For others, like Howard Rossen, author of the
book World’s Fair Collectibles with Price Guide, who began
collecting in 1965 when he was in law school, paper items, glass and
china, and key collectibles have been his passion. While Rossen collects
items from all the major world’s fairs, he enjoys collecting from the
1939 Fair the most.
Beginning collectors often purchase posters,
ticket books, and other assorted paper items, as well as any of the
hundreds of pinback buttons, mainly because of their relatively
inexpensive prices. Advanced collectors like clocks and watches--the
harder-to-find pieces. According to Schwartz, women often collect
jewelry--bracelets, rings, necklaces with Fair emblems.
image of the Trylon and Perisphere on an item automatically makes it
more highly valued," added Schwartz. "But collectors seem to
be turning up their noses at the 1940 Fair items. This goes against what
collectors would normally do. Since Fair attendance was down in 1940 and
the Fair, itself, was surrounded by controversy, it seems logical that
there would be fewer items on the market, thus making these items more
Schwartz said that anything a little bit
different seems to be popular with collectors of World’s Fair
souvenirs today. "The ubiquitous milk glass vinegar bottle and
coins are passe now," she said, "but anything unique will sell
in a second." For instance, a snow dome paperweight with black snow
falling on a Trylon and Perisphere, or a plastic pencil sharpener, or a
plywood jigsaw puzzle in its original box. They even sold birthday
candles in the shape of the Trylon and Perisphere.
Most major manufacturers of fine china,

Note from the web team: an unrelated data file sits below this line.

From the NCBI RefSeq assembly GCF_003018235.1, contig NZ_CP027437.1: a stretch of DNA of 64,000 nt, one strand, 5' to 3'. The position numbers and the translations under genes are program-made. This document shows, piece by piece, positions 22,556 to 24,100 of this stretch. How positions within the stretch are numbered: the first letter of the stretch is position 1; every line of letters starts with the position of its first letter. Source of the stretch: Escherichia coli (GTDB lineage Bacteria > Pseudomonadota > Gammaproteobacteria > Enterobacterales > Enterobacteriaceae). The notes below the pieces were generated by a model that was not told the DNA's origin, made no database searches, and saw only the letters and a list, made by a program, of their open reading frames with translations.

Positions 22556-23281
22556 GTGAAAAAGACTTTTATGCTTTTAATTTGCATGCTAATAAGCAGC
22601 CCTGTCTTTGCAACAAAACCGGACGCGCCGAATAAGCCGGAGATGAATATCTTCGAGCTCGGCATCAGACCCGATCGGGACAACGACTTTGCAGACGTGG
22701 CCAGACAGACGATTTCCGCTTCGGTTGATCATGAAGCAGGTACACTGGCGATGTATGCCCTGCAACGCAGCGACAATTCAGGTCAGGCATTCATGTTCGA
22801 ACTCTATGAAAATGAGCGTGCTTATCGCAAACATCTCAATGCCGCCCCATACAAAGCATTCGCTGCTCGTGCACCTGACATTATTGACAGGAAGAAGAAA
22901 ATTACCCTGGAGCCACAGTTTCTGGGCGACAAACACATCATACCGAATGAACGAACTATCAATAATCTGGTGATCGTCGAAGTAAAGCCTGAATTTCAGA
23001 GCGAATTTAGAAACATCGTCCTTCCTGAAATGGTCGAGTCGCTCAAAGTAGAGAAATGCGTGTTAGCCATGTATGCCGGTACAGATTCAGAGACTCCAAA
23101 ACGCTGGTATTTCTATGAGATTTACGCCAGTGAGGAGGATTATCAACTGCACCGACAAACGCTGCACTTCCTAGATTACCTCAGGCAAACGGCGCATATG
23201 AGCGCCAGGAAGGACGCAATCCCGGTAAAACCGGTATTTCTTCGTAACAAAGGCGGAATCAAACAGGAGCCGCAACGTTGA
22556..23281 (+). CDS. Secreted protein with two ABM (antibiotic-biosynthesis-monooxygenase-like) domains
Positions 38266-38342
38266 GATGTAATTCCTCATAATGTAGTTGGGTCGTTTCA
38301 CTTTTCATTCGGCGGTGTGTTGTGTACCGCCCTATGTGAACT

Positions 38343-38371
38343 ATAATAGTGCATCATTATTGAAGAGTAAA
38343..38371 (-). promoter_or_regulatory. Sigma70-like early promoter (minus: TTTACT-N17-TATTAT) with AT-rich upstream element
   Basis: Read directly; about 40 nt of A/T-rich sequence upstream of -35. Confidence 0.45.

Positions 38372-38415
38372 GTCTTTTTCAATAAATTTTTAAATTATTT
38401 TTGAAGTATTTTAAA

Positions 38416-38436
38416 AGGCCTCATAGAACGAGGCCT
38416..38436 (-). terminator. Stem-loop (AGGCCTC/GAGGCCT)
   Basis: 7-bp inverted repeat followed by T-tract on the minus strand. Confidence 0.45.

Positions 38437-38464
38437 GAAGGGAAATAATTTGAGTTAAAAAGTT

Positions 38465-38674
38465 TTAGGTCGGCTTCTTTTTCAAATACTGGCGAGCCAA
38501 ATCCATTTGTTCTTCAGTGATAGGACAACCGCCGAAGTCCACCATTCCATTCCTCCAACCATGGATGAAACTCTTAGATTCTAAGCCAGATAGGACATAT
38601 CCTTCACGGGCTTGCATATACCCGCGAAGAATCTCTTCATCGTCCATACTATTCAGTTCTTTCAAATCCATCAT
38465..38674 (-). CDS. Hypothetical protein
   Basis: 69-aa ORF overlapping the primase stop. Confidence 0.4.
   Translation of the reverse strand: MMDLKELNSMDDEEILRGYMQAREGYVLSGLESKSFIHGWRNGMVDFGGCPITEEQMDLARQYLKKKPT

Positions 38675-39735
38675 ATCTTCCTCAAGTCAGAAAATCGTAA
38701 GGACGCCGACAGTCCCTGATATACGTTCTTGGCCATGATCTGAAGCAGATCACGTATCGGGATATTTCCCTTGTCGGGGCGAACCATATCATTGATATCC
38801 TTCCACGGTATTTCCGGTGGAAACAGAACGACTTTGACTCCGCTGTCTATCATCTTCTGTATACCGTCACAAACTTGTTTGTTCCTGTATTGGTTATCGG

novelties and toys made items for the Fair. The Arcade Toy Company made
a four-piece metal tram with driver painted in bright orange and blue
Fair-Corporation approved colors. RCA Victor created a splendid table
model radio. Macy’s had a
Toyland Dutch girl doll made for them by the
Alexander Doll Company. An assortment of ladies’ cosmetic
compacts--from Girey, Elgin-American and Zekll--proliferated at the
Fair. Even Parker Brothers got in on the act with a board game called
Bobby and Betty’s Trip to the New York World’s Fair. And Whitman
Publishing Company created New York World’s Fair Bingo.
Most Sought After Items
some of the items most sought after by collectors are a series of china
plates attributed to Homer Laughlin, creator of Fiesta Ware. These
attractive plates in purple and green sported stylized buildings around
their rims and Deco logos. Also highly prized is a series of plates from
the joint exhibit of management and labor. These pottery plates were
made at the Fair, although everyone seems to think they were made by
Homer Laughlin because they have the Fiesta Ware look. Some of the most
beautiful ones were made by Cronin China Company, J&G Meakin, and
Mason’s China Company of Great Britain. The latter created a stunning
scalloped souvenir plate showing New York skyline.
Art Deco china display plates were also
manufactured by the Edwin Knowles China Co. Even Tiffany and Company got
in on the act with a pink and white china place setting featuring